Donors need clarity about why they seek assessment and what level they will target. But they also need to be clear-eyed about what can reasonably be answered, and by whom. The broader the scope of the assessment, the harder – and more expensive – it is to produce useful information.


Recently a donor wanted an after-school program to undertake a 10-year longitudinal study of its participants. Not only would the cost of that research be greater than the entire budget of the nonprofit, but no one at the nonprofit was qualified even to engage a research firm.


Donors and grantees should, ideally, reach a respectful agreement before a grant is made about what kind of assessment can be provided, by whom, and at whose cost. What is the grantee responsible for? What will the donor do? What might a third party be engaged to do? Who pays? Are there existing reporting methods that will work for the donor? Could the donor partner with other funders on a common approach?


Many nonprofits today are suffering unduly from donors’ enthusiasm for reporting and assessment. Each donor, they feel, has a different set of reporting requirements – and the burden can be overwhelming. By recognizing that sometimes nonprofits already have good information on what programs work and why, donors can save money and effort.


When Existing Assessment is Enough
Feeding Families


Yoko grew up in a big city in a single-parent family where there never seemed to be enough food in the refrigerator or at the dinner table. By the time she had become a top partner in a major entertainment law firm, she had already provided for her mother’s comfortable retirement. She knew she wanted to start a giving program to help single-parent families who were struggling to make ends meet. She felt inspired to help, but also a bit vulnerable because her giving was so personal to her. Also, she had learned to create wealth by being very careful with her investments so she didn’t like the idea of donating money to nonprofits with “loose metrics.” As a result, she valued rigorous assessment of her giving and spent time researching various nonprofits to see how efficient they were at using their resources and how she might measure how successful her own giving was. Then she came across a nonprofit with a clientele of families led mostly by single mothers. The nonprofit allowed these families to go through their facility with shopping carts and choose donated food from shelves, even going through a “checkout” at the end.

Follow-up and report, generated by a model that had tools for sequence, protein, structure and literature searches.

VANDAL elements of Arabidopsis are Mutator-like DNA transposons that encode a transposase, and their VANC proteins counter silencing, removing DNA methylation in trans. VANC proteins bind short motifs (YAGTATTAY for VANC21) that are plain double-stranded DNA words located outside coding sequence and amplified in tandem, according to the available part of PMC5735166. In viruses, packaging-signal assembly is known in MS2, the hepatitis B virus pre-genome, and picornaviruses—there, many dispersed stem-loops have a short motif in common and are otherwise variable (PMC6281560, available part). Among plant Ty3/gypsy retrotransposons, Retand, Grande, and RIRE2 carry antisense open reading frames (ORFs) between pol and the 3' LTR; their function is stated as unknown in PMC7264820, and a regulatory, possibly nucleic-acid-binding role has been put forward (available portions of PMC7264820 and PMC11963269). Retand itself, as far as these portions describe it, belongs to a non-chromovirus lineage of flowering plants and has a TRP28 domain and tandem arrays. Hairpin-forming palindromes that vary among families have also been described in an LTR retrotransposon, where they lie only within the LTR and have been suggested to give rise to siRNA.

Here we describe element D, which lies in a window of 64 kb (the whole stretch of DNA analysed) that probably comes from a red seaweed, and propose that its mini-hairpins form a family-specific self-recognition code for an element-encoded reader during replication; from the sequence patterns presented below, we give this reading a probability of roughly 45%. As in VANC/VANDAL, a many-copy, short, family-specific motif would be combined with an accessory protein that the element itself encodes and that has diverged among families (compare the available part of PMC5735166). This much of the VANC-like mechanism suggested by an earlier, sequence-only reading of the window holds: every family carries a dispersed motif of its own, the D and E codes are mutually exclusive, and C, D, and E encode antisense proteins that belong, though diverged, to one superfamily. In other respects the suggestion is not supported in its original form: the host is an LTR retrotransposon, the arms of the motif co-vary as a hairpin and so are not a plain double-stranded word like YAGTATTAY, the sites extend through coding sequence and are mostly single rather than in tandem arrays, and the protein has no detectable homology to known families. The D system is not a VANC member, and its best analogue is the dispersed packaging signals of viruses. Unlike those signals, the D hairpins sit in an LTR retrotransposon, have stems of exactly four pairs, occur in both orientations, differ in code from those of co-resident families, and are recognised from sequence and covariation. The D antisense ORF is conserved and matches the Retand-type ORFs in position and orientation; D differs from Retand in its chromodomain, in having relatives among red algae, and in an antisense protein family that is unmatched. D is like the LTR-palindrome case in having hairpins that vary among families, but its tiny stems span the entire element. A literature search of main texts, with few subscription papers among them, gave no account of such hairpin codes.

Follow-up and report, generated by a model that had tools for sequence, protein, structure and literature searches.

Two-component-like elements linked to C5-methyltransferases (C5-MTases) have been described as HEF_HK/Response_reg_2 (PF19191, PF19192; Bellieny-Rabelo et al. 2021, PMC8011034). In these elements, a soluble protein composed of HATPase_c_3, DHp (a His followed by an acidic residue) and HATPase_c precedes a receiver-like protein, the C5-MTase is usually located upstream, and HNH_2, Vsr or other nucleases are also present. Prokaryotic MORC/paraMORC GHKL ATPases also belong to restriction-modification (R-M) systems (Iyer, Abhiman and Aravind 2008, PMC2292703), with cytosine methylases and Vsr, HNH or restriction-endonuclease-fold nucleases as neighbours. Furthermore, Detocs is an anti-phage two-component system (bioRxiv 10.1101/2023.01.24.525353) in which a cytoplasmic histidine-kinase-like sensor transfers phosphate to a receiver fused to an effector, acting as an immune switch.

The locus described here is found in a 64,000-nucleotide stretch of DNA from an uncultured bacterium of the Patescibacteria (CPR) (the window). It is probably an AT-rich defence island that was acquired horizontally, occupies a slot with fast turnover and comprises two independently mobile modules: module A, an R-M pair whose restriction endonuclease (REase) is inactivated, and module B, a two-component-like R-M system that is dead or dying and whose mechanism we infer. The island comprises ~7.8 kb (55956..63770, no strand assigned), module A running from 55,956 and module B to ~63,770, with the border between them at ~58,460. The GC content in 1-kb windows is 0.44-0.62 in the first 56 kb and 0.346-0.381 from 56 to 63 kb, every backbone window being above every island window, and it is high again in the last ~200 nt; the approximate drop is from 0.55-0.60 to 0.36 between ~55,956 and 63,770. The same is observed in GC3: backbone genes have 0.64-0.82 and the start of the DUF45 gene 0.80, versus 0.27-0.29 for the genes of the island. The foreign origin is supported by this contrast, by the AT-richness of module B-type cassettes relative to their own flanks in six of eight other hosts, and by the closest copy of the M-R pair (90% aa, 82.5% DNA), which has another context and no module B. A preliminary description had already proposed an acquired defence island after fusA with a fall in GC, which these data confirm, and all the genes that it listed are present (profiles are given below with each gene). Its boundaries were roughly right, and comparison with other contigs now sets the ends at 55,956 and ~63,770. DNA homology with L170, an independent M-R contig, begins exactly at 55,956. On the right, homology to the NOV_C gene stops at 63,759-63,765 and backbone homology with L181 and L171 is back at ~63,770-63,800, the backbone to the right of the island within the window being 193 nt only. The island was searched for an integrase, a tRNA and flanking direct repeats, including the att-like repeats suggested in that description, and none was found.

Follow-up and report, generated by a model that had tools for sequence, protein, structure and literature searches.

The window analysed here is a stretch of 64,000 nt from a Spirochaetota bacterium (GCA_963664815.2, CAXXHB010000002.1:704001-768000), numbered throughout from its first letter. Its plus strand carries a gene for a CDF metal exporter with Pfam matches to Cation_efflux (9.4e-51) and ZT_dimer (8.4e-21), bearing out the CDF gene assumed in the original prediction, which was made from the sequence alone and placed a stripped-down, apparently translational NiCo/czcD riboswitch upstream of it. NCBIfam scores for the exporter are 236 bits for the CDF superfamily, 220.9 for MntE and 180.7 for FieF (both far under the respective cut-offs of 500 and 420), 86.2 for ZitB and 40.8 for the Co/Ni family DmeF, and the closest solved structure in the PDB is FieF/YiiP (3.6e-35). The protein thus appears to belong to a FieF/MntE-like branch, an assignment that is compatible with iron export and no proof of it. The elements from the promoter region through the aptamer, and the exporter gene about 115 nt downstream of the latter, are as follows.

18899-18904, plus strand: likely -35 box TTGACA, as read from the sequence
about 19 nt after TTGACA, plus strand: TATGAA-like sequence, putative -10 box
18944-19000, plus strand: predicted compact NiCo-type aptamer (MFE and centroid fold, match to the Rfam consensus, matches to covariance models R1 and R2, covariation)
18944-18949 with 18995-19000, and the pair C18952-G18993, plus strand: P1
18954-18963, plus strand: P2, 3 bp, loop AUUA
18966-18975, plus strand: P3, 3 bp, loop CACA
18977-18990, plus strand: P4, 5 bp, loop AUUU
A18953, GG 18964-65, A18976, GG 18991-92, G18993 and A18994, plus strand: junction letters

Children were encouraged to join their parents. The idea appealed to Yoko because it showed respect for the feelings of the family and lessened the stigma they might feel at receiving donated food. Then she discovered what she liked best about the program. The “checkout” of course didn’t collect any money. But it did collect information-entered into the computer then and there-about the demographics of the nonprofit’s clientele. The nonprofit had realtime results showing the numbers of families helped, what they took, even what they didn’t find on the shelves but needed. All the data allowed the nonprofit to adjust supplies and their appeals for supplies to meet demand. For Yoko, it was the perfect blend of philanthropy and metrics. She asked if she could meet from time to time with staff to discuss the “numbers.” And when told yes, she made the nonprofit her highest giving priority.



One of the most valuable times to assess a grant is before it’s made. But donors – whether individuals, families or foundations – can consider assessment at any time. As a form of due diligence with grantee partners, it is a natural part of thoughtful, effective philanthropy.





Precision in measuring impact can be a difficult – some would say elusive – goal. Still, donors should not be discouraged. One of the hallmarks of thoughtful philanthropy is the co-development of a generous gift alongside a well-designed assessment plan.


All stakeholders in civil society benefit from a culture of accountability. Such a culture begins with donors who decide to be accountable for their own giving and how that giving affects the community they’ve chosen to serve.




The literature on assessment and evaluation is voluminous and continually growing, and much of it is written by and for foundation staffs and academics.


Some good places to start include:


Stanford Social Innovation Review SSIREVIEW.ORG